Let’s go further into each aspect. I call the person in myself my inner child as she’s a little confused, looking for love, respect and the understanding she didn’t get. This child can be naughty sometimes. As I mentioned before, my inner child is 16 and in the prime of her teenage years. She is angry at the world and listens to rock music, likes to rebel and sometimes wants to run away. Our inner child is the reason we need to work on ourselves today. Negative emotions, such as anger and rebelliousness, are often a result of looking for attention, because any attention, even negative, is still sought after. By not looking within, we are only neglecting the child who was neglected in some way their whole life. This is just one example of negative emotions. Sometimes, these negative feelings reveal themselves when things trigger the ‘adult’ versions of us. Let’s take anger, for example. We could get extremely angry over small things, which shouldn’t make someone else angry. This implies that there is a deeper reason why we’re so irritated. Maybe, we (and our feelings) weren’t taken seriously when we were younger, so we felt the need to constantly reinforce and repeat ourselves. There are so many reasons for these emotions to bubble up to the surface and like an iceberg under water, there are even more reasons as to where those emotions came from. Another example is low self-esteem or lack of confidence in oneself.
Low-self-esteem stems from something we were (and still are) insecure about when we were younger. If we show love to the child in us with regards to our insecurity then we can work on building ourselves up, and ultimately growing up into who we want to be. The idea behind parenting your inner child is basically to treat yourself like you would treat another person. If you won’t say or do bad things to someone else, then be conscious of doing it to yourself. The reason other people can’t help you truly love yourself, is because you are the only person who has a full understanding of who you are and what you need. Other people could be using you to your advantage, and you may not even realize that you’re letting them take you for granted. It’s not only that, but it could also even be the simplest and smallest of things, such as setting boundaries for yourself. In marriages, friendships or any relationship you’re in, this is something of utmost importance.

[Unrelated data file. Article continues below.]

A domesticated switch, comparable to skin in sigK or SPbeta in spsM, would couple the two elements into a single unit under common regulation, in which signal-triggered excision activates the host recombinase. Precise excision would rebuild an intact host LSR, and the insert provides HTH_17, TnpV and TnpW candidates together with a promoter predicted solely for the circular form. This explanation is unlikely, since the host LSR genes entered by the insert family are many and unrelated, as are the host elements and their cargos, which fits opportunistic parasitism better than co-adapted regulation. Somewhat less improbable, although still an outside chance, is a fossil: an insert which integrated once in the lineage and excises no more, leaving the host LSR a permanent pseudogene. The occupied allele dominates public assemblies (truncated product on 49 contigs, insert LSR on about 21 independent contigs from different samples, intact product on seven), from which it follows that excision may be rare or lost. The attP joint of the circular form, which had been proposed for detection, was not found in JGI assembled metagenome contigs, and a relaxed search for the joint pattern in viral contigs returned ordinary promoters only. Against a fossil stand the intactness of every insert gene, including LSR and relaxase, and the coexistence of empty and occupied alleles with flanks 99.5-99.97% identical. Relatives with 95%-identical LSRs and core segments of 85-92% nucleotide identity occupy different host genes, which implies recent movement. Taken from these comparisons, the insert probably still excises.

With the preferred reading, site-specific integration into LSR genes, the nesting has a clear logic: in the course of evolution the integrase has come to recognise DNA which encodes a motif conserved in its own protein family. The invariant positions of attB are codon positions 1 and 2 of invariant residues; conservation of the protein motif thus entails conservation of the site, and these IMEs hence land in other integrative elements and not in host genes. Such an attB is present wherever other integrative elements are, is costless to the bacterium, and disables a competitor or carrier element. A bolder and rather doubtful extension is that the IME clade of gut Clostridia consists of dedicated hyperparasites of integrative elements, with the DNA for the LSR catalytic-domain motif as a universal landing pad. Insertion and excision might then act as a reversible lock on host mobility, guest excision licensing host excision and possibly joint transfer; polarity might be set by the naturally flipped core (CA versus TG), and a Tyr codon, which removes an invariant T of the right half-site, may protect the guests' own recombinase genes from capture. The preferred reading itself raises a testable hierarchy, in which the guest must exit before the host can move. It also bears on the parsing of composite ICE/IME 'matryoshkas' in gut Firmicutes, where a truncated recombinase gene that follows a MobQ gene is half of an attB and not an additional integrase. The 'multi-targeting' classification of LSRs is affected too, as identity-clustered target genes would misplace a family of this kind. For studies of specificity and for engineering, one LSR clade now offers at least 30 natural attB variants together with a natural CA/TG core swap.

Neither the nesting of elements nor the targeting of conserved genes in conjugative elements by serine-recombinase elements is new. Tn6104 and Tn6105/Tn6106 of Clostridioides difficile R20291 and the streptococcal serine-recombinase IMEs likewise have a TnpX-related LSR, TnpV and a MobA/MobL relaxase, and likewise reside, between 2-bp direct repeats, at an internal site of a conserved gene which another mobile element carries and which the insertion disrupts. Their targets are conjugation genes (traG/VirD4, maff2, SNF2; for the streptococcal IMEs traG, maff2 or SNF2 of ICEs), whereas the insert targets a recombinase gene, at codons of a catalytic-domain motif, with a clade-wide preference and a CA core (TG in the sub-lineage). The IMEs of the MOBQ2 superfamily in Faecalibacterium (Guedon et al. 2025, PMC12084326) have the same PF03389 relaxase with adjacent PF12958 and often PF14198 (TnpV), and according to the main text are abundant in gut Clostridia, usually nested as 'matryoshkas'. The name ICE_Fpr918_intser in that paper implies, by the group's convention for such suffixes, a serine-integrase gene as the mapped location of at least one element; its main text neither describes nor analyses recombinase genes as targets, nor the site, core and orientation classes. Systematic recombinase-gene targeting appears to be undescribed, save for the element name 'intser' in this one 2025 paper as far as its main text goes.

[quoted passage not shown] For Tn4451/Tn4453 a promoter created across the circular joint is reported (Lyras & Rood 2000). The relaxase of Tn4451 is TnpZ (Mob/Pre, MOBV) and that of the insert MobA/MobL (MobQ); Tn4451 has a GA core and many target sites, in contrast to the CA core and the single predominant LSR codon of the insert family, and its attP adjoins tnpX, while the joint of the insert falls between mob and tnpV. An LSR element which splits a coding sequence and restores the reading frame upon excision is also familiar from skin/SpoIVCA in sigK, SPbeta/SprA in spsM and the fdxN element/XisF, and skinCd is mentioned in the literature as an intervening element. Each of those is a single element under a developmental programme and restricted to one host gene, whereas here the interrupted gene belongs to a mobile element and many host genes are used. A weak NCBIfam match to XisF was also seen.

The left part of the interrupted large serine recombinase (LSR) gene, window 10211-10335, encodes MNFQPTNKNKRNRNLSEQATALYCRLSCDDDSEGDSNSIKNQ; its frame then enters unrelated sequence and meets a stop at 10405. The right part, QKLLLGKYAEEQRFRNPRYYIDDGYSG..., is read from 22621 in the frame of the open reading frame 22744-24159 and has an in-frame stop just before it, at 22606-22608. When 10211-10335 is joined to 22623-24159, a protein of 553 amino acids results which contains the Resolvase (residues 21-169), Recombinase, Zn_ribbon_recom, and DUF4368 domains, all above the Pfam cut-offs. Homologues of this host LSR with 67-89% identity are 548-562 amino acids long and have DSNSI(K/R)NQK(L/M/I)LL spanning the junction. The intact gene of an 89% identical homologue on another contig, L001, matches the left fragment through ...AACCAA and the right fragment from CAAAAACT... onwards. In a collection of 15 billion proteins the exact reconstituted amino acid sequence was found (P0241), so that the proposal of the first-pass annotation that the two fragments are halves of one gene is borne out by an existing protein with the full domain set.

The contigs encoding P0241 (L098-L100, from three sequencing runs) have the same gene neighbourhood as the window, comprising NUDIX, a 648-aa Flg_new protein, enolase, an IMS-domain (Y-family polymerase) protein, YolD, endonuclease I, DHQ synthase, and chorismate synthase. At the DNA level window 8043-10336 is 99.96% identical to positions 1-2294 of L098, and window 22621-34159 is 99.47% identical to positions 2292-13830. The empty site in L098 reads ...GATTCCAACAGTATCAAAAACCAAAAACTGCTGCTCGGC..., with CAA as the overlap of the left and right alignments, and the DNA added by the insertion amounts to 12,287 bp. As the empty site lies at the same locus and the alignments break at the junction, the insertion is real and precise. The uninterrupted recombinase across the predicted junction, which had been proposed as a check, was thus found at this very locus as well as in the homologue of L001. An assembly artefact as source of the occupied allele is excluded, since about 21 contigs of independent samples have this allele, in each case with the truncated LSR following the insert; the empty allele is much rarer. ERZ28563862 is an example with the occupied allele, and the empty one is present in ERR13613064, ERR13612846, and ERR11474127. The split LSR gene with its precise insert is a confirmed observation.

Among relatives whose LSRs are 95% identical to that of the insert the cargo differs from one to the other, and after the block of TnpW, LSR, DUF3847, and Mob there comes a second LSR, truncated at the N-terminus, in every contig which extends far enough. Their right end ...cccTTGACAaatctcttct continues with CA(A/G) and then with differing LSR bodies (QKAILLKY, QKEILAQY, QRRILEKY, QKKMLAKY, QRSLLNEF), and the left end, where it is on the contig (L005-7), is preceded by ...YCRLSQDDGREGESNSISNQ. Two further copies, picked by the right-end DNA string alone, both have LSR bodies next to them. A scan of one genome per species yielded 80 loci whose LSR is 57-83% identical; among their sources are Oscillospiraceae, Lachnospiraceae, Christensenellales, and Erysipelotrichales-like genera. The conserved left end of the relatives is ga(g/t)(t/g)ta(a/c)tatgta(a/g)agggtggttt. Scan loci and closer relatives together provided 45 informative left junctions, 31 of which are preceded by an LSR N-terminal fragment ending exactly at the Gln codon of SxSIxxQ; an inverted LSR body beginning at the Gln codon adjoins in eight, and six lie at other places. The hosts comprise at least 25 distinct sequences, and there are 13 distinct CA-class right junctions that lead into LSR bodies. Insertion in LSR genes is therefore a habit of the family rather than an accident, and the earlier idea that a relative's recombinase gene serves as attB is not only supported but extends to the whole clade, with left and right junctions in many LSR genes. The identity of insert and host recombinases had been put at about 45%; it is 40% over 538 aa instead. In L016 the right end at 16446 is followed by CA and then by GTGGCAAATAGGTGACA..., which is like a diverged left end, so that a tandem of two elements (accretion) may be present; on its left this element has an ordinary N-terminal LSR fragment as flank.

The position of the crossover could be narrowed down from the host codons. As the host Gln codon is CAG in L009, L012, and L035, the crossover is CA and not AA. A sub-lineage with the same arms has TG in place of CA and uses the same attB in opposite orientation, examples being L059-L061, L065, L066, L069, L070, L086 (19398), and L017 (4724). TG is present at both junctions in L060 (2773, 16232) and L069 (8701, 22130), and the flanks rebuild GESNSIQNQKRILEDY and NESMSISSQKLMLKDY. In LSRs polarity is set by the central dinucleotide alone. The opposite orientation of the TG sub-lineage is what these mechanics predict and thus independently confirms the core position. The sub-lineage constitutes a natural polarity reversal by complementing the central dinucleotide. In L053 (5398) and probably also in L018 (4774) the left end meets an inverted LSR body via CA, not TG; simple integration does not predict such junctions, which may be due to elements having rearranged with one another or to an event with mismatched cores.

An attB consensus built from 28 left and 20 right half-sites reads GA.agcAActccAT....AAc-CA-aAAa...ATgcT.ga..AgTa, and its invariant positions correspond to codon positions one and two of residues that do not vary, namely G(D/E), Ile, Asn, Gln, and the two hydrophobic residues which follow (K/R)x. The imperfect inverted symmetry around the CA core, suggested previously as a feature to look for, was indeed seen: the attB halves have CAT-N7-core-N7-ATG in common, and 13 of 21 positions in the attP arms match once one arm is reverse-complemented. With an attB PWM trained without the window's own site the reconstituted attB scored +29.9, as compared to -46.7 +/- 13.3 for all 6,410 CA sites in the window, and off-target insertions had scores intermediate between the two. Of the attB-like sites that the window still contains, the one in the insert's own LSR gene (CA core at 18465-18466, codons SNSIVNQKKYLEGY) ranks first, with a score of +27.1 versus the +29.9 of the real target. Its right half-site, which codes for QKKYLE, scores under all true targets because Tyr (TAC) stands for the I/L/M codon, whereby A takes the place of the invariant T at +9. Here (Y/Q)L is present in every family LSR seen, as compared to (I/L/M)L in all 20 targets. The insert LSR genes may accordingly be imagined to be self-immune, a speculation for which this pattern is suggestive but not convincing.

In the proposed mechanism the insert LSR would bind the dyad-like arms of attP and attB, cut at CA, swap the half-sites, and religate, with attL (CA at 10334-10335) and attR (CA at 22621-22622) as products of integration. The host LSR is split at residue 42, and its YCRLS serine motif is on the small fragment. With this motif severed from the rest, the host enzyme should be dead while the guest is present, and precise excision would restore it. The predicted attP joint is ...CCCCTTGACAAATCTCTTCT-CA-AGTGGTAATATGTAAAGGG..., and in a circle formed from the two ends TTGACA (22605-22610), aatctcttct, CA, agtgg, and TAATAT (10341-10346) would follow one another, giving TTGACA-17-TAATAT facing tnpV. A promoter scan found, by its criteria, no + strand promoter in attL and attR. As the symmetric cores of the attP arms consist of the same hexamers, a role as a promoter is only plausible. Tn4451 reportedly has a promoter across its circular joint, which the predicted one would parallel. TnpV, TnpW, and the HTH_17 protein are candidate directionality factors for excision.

The last and final thing to realize is that self-love is not done alone. Something that psychologists and experts don’t include in their research is the presence of another living entity within you. In the space of the heart, there is a metaphor given where there are two birds: one bird eats the fruits on the tree, while the other watches the one who is eating. The one watching is God or the divine, and the one eating the fruit is us. The divine higher power would never want us to suffer, but He doesn’t stop us because He sees us accepting whatever we see fit. He sees us settling for less but doesn’t meddle, because He knows the realizations we need to come to through those situations. This bird is with us lifetime after lifetime – He has been a witness to all our karma, trauma, great times and worst of times. He has also witnessed our sins, wrongdoings, and has seen us in our darkest days when we had no hope. Even when we didn’t believe in Him, He believed in us. Above all, we are not alone. We have a loving light and power inside of us who wants us to heal and turn towards. When we turn towards this energy, we become enlivened and enlightened, and it gives us a renewed sense of vitality that can help us live our lives to the fullest.
When we find ourselves, we find the divine, and when we find the divine, we find ourselves. With time, we come to realize that the key to growing up and finding ourselves is not to look outward, but to look within.